Last time, the "No on 2" campaign, bankrolled by Las Vegas billionaire Sheldon Adelson, suggested that if medical marijuana were legalized, pot cookies would become "the new face of date rape." This summer, the no campaign is out with a new round of over-the-top TV spots. We ranked the five funniest ones so far in this election cycle.
For the opening salvo in its 2016 campaign, "No on 2" uploaded a three-minute point-of-view video of your dad angrily muttering over his laptop. While the ad's excruciating run time makes it far too long to truly be called funny, its creators deserve credit for apparently scoring a celebrity endorsement from Jerry Smith of Rick and Morty. Just like the show's hapless dad, none of the narrator's burns ever seem to land with the devastating force that he intends. And just as in the show, you'd cringe at every whiffed punchline — if you took the guy seriously.
Things take a turn for the apocalyptic in "Edibles." About 20 seconds in, as Lord of the Rings-style battle music begins to swell and cartoon weed leaves start to choke the State of Florida, we learn there is nothing that can stop our children from falling for the sugarcoated allure of medical marijuana. Nothing, that is, but Sheldon Adelson staring Amendment 2 right in its fiery eyes and shouting, "You shall not pass!"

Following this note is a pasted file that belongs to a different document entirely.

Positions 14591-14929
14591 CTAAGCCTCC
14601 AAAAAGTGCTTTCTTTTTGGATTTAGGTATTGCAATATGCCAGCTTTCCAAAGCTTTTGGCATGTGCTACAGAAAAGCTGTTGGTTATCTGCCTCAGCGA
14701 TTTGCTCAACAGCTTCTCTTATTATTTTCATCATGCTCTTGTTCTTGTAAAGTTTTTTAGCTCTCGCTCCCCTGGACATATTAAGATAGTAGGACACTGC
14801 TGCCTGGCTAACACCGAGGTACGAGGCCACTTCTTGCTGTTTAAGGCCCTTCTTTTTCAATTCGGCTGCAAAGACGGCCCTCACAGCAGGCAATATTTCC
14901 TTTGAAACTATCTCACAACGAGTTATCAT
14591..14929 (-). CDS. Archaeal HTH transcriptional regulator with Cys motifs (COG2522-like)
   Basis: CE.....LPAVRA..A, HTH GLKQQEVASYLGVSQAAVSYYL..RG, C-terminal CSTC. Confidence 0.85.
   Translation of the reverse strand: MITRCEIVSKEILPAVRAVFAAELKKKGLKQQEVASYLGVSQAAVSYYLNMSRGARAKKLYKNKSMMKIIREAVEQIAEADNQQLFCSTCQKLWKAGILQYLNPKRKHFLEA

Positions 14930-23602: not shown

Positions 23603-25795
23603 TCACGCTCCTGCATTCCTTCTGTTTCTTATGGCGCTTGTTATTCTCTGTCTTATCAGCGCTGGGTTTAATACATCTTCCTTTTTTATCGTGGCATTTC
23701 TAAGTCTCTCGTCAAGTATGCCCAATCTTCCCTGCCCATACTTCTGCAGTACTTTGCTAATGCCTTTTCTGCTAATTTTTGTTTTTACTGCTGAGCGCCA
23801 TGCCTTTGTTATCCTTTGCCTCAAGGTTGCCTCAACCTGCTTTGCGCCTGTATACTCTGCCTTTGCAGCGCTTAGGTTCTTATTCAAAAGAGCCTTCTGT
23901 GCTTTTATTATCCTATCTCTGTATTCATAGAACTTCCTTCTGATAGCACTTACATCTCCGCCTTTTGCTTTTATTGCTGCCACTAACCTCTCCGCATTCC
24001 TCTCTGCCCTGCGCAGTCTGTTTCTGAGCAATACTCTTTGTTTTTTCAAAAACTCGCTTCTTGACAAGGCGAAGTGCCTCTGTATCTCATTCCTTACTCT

3. "10x Stronger"
Curiously, the relative strength of marijuana fell from "20 times stronger than it once was" in "Edibles" to ten times stronger in the next ad "No on 2" put out. The one thing "No on 2" knows for certain, though, is that weed being ten times stronger is comparable to one beer having the effect of ten beers... right? New Times ran the numbers. It checks out.
2. "Three Things..."
There are three things the "No on 2" campaign would like voters to know about California's medical marijuana policy, and the narrator in this ad counts them off with reverb in a
But sure, it is concerning that most marijuana users are white, especially when you consider that black Americans are four times as likely to be arrested for marijuana possession as whites
"Budtenders" is a genuinely funny ad. The comedic timing of its main punchline (bud tenders "know a lot about pot — firsthand") is spot-on. But mostly it's funny that a Las Vegas casino mogul has been part of a campaign paying millions to produce a series of moralizing ads for a state he doesn't live in that relies on a fear of marijuana that fewer and fewer Americans feel. Funnier still: The eight most recent statewide polls suggest all this money will likely go up in smoke after Floridians vote to ratify Amendment 2 this November.